I have always loved this family photograph, although I cannot say for certain who these people are. They are my Grandma Clara Abbott's family, almost certainly Livingstons, and the fellow dead center in the tobaggon bears a close resemblance to my Gr-great grandfather Walter Livingston who was boss of a coal yard in Newburgh, New York in the 1890s. With those thick mechanic's mustaches it is hard to distinguish one from the other.
The expressions on these dapper downhill dare-devils are priceless - the two gentlemen on the two seater sled seem particularly droll. The assortment of late 19th century hats and outerwear suggests a Sunday outing. In fact, this may be one of the earliest examples of that stalwart Christmas tradition, the posed family photograph. Whoever they are, I hope they enjoyed the end of their run as much as they appear to have enjoyed mugging for the camera at mid-slope.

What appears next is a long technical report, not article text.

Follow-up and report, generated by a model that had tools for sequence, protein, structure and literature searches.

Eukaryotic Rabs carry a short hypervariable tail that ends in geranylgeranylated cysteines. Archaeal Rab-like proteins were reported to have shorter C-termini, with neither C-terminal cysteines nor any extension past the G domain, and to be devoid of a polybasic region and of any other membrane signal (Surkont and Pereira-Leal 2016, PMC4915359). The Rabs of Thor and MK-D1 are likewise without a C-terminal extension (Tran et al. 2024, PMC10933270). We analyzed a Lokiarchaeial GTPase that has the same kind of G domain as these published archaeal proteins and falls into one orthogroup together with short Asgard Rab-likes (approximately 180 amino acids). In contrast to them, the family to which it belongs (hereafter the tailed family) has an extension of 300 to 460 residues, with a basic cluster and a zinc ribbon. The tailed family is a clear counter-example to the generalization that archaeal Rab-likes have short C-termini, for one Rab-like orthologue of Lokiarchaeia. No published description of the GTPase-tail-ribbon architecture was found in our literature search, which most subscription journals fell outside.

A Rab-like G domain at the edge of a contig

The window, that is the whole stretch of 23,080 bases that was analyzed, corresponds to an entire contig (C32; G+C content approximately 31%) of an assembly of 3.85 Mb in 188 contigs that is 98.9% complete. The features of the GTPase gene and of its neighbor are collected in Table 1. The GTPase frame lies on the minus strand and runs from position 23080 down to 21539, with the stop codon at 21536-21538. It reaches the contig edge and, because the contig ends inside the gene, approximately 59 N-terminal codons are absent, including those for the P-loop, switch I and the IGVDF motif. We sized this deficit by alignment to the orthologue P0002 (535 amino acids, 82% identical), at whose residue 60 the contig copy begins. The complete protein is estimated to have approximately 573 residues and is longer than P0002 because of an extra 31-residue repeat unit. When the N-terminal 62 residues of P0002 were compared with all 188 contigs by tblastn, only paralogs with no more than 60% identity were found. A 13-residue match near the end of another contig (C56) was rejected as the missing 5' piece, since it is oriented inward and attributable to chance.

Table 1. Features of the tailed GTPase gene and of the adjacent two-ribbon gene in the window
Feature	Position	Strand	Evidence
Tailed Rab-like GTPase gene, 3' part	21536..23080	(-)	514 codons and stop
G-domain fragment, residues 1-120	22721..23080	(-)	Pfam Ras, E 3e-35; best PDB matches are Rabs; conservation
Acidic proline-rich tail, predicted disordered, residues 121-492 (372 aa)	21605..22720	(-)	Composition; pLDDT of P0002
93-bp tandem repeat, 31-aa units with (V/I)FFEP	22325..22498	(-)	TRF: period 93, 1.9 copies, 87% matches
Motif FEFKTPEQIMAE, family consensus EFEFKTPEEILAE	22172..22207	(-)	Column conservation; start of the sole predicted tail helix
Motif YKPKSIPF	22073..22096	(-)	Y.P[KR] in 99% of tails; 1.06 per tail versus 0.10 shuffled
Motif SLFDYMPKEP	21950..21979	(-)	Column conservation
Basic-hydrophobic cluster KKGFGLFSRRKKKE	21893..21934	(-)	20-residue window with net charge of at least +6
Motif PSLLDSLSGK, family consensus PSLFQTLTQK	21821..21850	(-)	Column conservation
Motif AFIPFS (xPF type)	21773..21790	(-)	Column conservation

These three urchins are my Great Grandfather William Livingston (at right) and his younger brothers Frank (at left) and Clarence. The photographer's studio reproduced a winter setting for this photograph: a badly scratched tintype from the late 1880s. I actually repaired some of the damage digitally - otherwise Uncle Frank's face would have been pocked beyond recognition.
Winter's monochrome palette lends itself to the medium of early photography. There is a sweetness in the image of these little boys, solemnly bundled up in a faux winter wonderland. One hopes they will partake in the gaiety of the overdressed sledding party when they step outside the studio and that it is not blistering summer instead.